March Mystery Reviews

The Sandcastle MysteriesTHE SANDCASTLE MYSTERIES: DEATH AND DECEPTION AT THE JERSEY SHORE (Eight Women Writers, 2010, $15.95) is the result of a collaboration by the aforementioned women who write under the name of Amea Lake. When a young woman finds the body of her husband on the kitchen floor, she realizes that she knows almost nothing about the man she married. Her amateur sleuthing leads her into a web of international intrigue, money-laundering and murder, while coping with the usual stresses of life along the Atlantic seaboard.  (Reviewed by Roberta’s Ramblings)

Jeff Markowitz takes on small-town New Jersey are always trenchantly funny. In A MINOR CASE OF A Minor Case of MurderMURDER,(Crossroad Press, 2013, $13.00), his reporter sleuth Cassie O’Malley goes to a local baseball game, and finds herself involved with the murder of the team’s mascot. Was the girl in the mosquito suit the target, or was this a case of accidental death? A land deal, a bird fanatic, a cab driver and a would-be sports baron all figure in this jaunt to the Jersey shore and its eccentric inhabitants.  (Reviewed by Roberta’s Ramblings)

As recent events have shown,politics in New Jersey can get nasty. In DEADLY CAMPAIGN, by Alan Orloff (Midnight Ink, 2012, $14.95), Comedy Club owner Channing Deadly CampaignHayes thinks he’s doing a friend a favor when he lends his support to a friend’s political ambitions. Then a gang of goons disrupts the meeting with baseball bats, and things get really serious. Since the young politician’s family doesn’t want police involvement, Channing is pressed into service as a private investigator. It’s a look at the dark side of New Jersey, with pay-offs, blackmail and murder as business as usual.  (Reviewed by Roberta’s Ramblings)

E.F. Watkins shows the artistic side of New Jersey in her latest Quinn Matthews Haunting Mystery, HEX, DEATH & ROCK ‘N ROLL (Amber Quill Press, 2013, $15.00). Quinn’s been called in toHex, Death & Rock 'n Roll help restore an old theater in Elizabeth, NJ, once the preferred venue for vaudeville, later used by rock stars. Now it’s going to be the setting for a new video by the hottest new rock band, Mad Love, but the band’s lead singer is worried about a series of accidents that have plagued the group. Is it sabotage, or something more unworldly? Quinn’s psychic gifts are called on to get to the bottom of the tangled web of personal and professional loves and hates that surround the musicians and their entourage. In the process, she helps an unhappy young woman find fulfillment, and makes a few decisions about her own love life. As always, E.F. Watkins delivers a sold mystery with a psychic twist.  (Reviewed by Roberta’s Ramblings)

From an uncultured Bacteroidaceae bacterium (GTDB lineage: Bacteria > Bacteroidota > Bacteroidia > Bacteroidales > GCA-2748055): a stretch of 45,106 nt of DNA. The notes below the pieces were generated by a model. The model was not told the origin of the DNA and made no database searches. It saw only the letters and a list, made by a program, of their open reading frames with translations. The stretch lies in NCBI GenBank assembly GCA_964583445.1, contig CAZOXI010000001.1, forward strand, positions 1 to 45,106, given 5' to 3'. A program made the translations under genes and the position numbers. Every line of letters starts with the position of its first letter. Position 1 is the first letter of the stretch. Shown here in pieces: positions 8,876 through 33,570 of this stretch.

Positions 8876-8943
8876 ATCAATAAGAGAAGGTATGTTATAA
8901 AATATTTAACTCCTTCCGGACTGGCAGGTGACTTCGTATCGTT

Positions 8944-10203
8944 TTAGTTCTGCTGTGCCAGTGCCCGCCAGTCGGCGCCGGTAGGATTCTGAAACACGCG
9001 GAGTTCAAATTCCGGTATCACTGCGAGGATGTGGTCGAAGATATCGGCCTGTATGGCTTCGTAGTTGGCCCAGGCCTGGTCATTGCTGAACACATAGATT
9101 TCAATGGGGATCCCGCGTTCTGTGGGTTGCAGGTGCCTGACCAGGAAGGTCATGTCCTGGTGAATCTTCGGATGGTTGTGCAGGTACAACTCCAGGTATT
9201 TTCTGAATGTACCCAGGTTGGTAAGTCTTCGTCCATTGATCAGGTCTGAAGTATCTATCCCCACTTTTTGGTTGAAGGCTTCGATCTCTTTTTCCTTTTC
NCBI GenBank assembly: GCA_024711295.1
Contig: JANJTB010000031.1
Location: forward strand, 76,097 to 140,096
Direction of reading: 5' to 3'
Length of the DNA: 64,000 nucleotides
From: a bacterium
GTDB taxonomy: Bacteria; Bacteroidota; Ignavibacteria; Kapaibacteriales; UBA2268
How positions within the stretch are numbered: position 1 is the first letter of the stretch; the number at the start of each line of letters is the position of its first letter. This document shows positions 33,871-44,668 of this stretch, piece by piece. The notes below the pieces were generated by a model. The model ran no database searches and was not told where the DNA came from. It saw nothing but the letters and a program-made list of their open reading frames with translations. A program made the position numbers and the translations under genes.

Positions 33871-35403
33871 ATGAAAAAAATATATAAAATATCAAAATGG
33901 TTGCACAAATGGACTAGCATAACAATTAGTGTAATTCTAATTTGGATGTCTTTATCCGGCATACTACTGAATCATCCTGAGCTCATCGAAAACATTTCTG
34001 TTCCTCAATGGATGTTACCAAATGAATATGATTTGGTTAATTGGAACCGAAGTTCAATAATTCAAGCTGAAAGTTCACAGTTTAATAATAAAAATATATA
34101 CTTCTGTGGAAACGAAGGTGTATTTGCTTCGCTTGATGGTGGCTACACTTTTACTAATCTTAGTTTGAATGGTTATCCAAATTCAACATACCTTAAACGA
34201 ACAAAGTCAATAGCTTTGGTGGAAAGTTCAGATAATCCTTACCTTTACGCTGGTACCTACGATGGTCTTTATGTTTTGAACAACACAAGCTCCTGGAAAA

THE WEIGHT OF BLOOD By Laura McHugh (Randon House Publishing Group March 11, 2014) Genre: Mystery Score: 4.5The Weight of Blood

Blurb: The town of Henbane sits deep in the Ozark Mountains. Folks there still whisper about Lucy Dane’s mother, a bewitching stranger who appeared long enough to marry Carl Dane and then vanished when Lucy was just a child. Now on the brink of adulthood, Lucy experiences another loss when her friend Cheri disappears and is then found murdered, her body placed on display for all to see. Lucy is haunted by the two lost girls—the mother she never knew and the friend she couldn’t save—and sets out with the help of a local boy, Daniel, to uncover the mystery behind Cheri’s death.

Review: The book was wonderfully paced, building with each page as Lucy delves into the disappearance of her mother and Cheri. Told in dual storylines we find out the truth about the secrets of Henbane. The only downside to the story was about half way through the author decided to delve into a lot more POV’s which bogged down the story. I don’t think much of it was needed and, for me, it was the wrong place for it. This is still a wonderful mystery. I highly recommend this intriguing, complex story about the weight of blood.  (Reviewed by Donna Keihle)

THE LOST SISTERHOOD by Anne Fortier (Ballantine Books March 11, 14) Pages: 608 Genre: Adventure / Women’s Fiction Score 5The Lost Sisterhood

Blurb: Oxford lecturer Diana Morgan is an expert on Greek mythology. Her obsession with the Amazons started in childhood when her eccentric grandmother claimed to be one herself—before vanishing without a trace. Diana’s colleagues shake their heads at her Amazon fixation. But then a mysterious, well-financed foundation makes Diana an offer she cannot refuse – to fly to Coppenhaugen.

Review: Since I’ve always had more curiousity than common sense, I had to trouble believing that Diana would leave the country with a complete stranger in her quest for the Amazons. There are three storylines that weave together the present and past to tell the tale of Diana’s work to uncover proof the Amazons existed, her memories of her missing grandmother and Myrina, the first Amazon queen. No journey would be complete without a couple of good looking men and Fortier offers us two – James Moselane, Diana’s longtime crush and Nick Barran, the secretive man she meets in North Africa. There’s danger and intrigue and I loved every page. Since I’m not a student of history, I don’t know how her story stacks up to the facts but as an avid reader I can tell you this is not a book you only read once. A very satisfying journey with twists, turns and plenty of surprises that you don’t want to end.  (Reviewed by Donna Keihle)

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